Strict policy restrictions currently prevent the deployment of UAVs operating beyond line-of-sight, which is something that we can help with. Through trials and case study applications, we wish to present a means for best practice in the commercial drone sector, for providing a safe and reliable means of carrying out autonomous operations.

What are the most crucial things you have done to grow and develop your business? 
Following our founding in June, we were successful in winning pre-seed funding from the Bettany Centre for Entrepreneurship in July, and later in the year I obtained the Women in Innovation prize. We also won a grant from ICUK and the Foreign Office Global Prosperity Fund to go on an Innovation Mission to China in November, and are going back to follow up with our connections next month. In March we have also been invited to present at CleanEquity in Monaco (a world-leading conference on emerging clean-tech).

How did you hear about the CWF programme and what made you apply?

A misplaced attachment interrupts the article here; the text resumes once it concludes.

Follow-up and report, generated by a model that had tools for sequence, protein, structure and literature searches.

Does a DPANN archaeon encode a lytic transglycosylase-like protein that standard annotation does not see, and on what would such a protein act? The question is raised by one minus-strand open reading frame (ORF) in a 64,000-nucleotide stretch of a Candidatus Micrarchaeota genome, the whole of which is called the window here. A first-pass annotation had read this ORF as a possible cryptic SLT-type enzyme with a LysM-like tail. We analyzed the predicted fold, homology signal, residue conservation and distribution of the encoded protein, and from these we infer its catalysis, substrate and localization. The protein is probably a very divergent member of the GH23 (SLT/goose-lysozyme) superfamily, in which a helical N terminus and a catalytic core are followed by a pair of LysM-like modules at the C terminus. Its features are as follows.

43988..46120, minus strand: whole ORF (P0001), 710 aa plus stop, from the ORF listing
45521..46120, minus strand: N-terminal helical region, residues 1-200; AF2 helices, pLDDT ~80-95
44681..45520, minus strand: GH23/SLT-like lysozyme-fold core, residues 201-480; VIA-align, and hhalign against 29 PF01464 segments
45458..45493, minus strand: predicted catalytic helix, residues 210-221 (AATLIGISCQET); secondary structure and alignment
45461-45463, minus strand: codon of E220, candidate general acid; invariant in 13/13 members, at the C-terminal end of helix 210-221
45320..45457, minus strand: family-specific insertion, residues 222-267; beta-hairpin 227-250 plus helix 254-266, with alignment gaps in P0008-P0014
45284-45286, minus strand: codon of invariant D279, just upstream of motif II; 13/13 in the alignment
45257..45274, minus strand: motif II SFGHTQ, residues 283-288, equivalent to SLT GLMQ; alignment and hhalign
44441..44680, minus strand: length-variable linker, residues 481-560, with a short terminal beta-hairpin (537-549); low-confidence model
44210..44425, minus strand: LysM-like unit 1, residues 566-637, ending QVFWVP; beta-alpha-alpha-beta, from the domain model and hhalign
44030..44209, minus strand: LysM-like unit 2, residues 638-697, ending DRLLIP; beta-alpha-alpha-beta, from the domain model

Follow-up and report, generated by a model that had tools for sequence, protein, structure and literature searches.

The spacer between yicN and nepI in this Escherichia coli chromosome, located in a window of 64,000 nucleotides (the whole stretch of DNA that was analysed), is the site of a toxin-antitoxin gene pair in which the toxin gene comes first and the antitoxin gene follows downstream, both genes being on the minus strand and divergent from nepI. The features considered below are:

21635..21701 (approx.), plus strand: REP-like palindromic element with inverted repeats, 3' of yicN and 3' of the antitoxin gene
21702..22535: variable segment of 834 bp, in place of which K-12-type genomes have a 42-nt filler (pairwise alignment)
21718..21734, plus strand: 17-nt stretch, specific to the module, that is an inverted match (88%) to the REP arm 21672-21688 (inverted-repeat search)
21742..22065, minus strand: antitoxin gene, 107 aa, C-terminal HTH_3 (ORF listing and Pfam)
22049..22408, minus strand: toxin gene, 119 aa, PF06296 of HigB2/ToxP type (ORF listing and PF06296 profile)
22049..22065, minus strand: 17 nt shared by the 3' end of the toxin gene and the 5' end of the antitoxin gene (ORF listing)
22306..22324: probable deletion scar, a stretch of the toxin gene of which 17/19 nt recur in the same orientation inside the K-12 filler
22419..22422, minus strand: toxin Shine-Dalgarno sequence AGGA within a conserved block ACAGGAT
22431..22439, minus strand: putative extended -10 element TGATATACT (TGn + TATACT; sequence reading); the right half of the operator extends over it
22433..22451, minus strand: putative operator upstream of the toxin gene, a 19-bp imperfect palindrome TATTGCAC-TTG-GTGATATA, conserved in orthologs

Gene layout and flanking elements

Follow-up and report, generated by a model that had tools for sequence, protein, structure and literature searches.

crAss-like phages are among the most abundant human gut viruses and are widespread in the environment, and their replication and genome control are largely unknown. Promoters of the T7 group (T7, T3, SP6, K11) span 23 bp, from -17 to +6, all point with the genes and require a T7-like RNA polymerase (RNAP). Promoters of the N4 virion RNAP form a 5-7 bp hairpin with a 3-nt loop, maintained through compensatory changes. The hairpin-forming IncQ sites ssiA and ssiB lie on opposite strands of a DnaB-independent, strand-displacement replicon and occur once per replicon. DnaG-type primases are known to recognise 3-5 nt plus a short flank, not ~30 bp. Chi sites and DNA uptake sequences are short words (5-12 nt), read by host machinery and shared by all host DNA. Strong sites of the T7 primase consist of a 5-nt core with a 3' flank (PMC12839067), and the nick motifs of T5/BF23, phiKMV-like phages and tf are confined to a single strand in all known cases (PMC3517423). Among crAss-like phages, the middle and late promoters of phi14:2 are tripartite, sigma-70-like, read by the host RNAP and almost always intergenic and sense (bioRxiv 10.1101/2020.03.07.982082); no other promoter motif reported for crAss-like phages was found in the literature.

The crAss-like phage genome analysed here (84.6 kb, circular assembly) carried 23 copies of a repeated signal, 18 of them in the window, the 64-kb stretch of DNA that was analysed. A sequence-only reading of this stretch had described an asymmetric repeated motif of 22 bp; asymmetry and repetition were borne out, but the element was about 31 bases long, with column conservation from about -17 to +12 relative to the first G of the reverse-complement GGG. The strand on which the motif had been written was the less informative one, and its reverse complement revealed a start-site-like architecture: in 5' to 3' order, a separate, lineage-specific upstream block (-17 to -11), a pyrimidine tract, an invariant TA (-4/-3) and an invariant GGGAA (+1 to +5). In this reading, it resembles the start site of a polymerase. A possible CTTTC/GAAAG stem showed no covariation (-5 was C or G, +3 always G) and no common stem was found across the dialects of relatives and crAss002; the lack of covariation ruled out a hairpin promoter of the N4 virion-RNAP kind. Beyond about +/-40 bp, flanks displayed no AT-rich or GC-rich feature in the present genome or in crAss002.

We were recommended for the programme by another applicant, who we had met during a previous trade mission to china.

What are you hoping to get out of the CWF programme?
CommonwealthFirst will provide us with the platform to grow our business with potential collaborators across the Commonwealth, develop our routes to market in diverse international environments and cement my skill set as a business leader in exporting our proprietary technology abroad. In these early stages, it is important that we grow our international network and form partnerships. This is so that feasibility trials can be put in place and the needs of our end users in these different regions of the world can be addressed. Doing so will put us in a much stronger position prior to our full commercial launch in 2018.